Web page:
So, what kind of job should you take? You might need to do a little more introspection here, and you might want to do more research into your job ecosystem. There are various ways one can grow in software industry without becoming an Architect. One way is to become a contractor and work short term gigs. However, you will need to understand what you are getting into. There are pros and cons in every job.

Personally, I've taken challenges that I have opened up. I haven't really a plan for my career. I just go where I find something interesting. Yeah, after 20 years, I'm not a CTO of some company. But, I've had interesting experiences, and I have made lot of money.
 
Kumar Sonu
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Jayesh A Lalwani wrote:In the software industry, if you aren't growing, you are dying. The easiest way to make yourself obsolete is to do the same thing day after day for years. Sooner or later, someone will find a way to do your job in a better way, or find a way to automate parts of your job. So, if your question is "Should I look for new roles?" Yes, you definitely should!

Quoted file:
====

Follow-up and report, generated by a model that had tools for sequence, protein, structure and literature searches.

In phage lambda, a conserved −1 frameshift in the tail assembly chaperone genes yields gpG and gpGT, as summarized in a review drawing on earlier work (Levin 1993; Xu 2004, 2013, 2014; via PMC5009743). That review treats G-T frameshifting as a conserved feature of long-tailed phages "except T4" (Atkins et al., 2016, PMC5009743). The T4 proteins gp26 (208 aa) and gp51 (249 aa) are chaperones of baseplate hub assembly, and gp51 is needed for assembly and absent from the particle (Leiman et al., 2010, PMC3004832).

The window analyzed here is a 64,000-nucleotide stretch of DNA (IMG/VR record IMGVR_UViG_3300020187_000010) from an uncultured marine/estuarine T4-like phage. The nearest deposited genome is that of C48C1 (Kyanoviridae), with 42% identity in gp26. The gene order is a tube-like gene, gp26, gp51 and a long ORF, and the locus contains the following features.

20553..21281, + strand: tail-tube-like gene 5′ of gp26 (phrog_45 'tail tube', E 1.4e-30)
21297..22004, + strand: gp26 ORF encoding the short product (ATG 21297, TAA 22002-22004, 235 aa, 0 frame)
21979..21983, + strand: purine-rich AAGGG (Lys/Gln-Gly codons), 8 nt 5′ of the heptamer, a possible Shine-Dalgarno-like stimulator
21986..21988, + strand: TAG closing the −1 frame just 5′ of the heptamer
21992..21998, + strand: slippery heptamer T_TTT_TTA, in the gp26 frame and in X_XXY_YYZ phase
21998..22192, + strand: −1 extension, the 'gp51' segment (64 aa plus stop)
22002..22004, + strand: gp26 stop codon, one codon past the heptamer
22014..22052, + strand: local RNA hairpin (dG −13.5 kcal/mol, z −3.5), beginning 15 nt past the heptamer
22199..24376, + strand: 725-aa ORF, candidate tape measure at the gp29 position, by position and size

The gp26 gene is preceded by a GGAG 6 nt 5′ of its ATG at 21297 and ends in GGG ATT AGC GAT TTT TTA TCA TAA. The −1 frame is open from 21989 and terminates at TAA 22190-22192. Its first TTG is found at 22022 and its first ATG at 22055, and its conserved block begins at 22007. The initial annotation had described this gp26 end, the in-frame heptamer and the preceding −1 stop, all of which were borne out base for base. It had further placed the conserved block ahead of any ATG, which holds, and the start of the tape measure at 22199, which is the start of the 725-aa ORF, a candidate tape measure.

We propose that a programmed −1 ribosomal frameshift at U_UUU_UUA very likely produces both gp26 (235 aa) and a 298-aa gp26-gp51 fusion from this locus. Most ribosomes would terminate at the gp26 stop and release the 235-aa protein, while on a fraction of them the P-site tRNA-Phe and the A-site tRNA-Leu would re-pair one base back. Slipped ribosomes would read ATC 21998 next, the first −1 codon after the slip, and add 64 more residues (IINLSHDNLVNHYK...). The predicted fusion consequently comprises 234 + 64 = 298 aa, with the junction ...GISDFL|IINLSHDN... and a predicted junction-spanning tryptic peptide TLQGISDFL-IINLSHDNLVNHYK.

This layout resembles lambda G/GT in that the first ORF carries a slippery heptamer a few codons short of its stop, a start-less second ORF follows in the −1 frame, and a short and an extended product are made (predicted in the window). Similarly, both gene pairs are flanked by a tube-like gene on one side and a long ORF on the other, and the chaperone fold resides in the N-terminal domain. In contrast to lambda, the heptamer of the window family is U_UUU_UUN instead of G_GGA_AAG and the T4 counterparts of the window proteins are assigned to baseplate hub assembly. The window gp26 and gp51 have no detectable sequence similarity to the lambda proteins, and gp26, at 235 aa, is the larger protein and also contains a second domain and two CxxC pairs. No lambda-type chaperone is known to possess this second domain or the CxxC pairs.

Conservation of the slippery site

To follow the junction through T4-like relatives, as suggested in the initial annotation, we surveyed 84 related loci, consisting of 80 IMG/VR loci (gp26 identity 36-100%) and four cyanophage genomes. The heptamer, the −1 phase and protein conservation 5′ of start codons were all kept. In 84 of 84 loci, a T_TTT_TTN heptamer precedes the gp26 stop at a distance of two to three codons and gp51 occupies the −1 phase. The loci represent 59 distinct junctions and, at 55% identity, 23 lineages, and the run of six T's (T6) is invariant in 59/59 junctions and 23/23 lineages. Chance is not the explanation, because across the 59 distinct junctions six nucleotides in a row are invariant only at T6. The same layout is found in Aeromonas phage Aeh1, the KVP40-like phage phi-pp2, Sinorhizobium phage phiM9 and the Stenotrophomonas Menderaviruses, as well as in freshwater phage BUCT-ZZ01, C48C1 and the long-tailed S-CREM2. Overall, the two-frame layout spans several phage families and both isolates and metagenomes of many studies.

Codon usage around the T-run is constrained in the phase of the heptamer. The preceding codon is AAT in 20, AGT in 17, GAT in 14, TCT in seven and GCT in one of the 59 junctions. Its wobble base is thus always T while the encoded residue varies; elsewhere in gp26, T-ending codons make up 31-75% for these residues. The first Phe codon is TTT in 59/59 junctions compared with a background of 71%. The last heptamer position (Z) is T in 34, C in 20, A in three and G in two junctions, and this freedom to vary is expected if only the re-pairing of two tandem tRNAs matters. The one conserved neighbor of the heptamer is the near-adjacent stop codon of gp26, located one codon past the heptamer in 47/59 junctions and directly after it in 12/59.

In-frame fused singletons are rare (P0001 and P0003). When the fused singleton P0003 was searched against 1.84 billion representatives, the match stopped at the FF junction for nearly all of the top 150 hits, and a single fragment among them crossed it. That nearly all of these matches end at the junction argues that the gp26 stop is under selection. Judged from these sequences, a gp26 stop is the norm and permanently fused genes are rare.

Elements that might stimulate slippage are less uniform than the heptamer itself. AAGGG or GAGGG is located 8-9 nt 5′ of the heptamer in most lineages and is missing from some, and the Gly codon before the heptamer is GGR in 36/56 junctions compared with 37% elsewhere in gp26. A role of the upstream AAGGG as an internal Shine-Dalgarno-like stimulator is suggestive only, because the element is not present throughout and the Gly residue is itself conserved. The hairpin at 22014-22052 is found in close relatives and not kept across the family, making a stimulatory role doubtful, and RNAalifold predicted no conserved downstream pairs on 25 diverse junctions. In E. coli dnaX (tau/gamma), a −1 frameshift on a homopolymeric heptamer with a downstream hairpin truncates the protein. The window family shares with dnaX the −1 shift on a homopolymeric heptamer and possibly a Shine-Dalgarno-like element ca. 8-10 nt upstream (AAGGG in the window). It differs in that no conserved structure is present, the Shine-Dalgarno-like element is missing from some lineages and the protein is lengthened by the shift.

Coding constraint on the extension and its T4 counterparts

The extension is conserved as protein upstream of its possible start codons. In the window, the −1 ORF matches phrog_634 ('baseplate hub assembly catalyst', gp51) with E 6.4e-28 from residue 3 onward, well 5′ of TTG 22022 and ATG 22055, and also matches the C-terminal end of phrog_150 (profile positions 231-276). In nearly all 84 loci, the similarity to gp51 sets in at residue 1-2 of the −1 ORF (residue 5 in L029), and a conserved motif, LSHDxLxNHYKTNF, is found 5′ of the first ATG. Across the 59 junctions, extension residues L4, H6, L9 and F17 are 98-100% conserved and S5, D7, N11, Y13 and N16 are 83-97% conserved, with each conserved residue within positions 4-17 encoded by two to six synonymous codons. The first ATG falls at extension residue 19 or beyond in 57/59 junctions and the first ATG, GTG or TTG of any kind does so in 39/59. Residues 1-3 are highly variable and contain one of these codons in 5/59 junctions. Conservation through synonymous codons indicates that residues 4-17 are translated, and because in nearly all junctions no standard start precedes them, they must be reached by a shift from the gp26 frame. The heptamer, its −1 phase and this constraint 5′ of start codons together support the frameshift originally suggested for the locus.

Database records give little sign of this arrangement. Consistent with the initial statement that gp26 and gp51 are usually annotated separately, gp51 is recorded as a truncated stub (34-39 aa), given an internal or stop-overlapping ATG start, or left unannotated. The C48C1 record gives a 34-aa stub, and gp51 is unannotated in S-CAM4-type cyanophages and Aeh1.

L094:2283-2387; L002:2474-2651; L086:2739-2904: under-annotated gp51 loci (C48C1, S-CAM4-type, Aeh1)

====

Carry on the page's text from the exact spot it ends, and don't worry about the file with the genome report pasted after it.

However, the big question is "As what?" One thing that is constant in all software engineering roles is that the role can became very tiring if you don't like it, and can be a breeze if you love it. And if you hate your role, you are going to leave it. It doesn't matter what it is. So, one thing is for sure, don't take a job that you know you are going to hate.

So, what kind of job should you take? You might need to do a little more introspection here, and you might want to do more research into your job ecosystem. There are various ways one can grow in software industry without becoming an Architect. One way is to become a contractor and work short term gigs. However, you will need to understand what you are getting into. There are pros and cons in every job.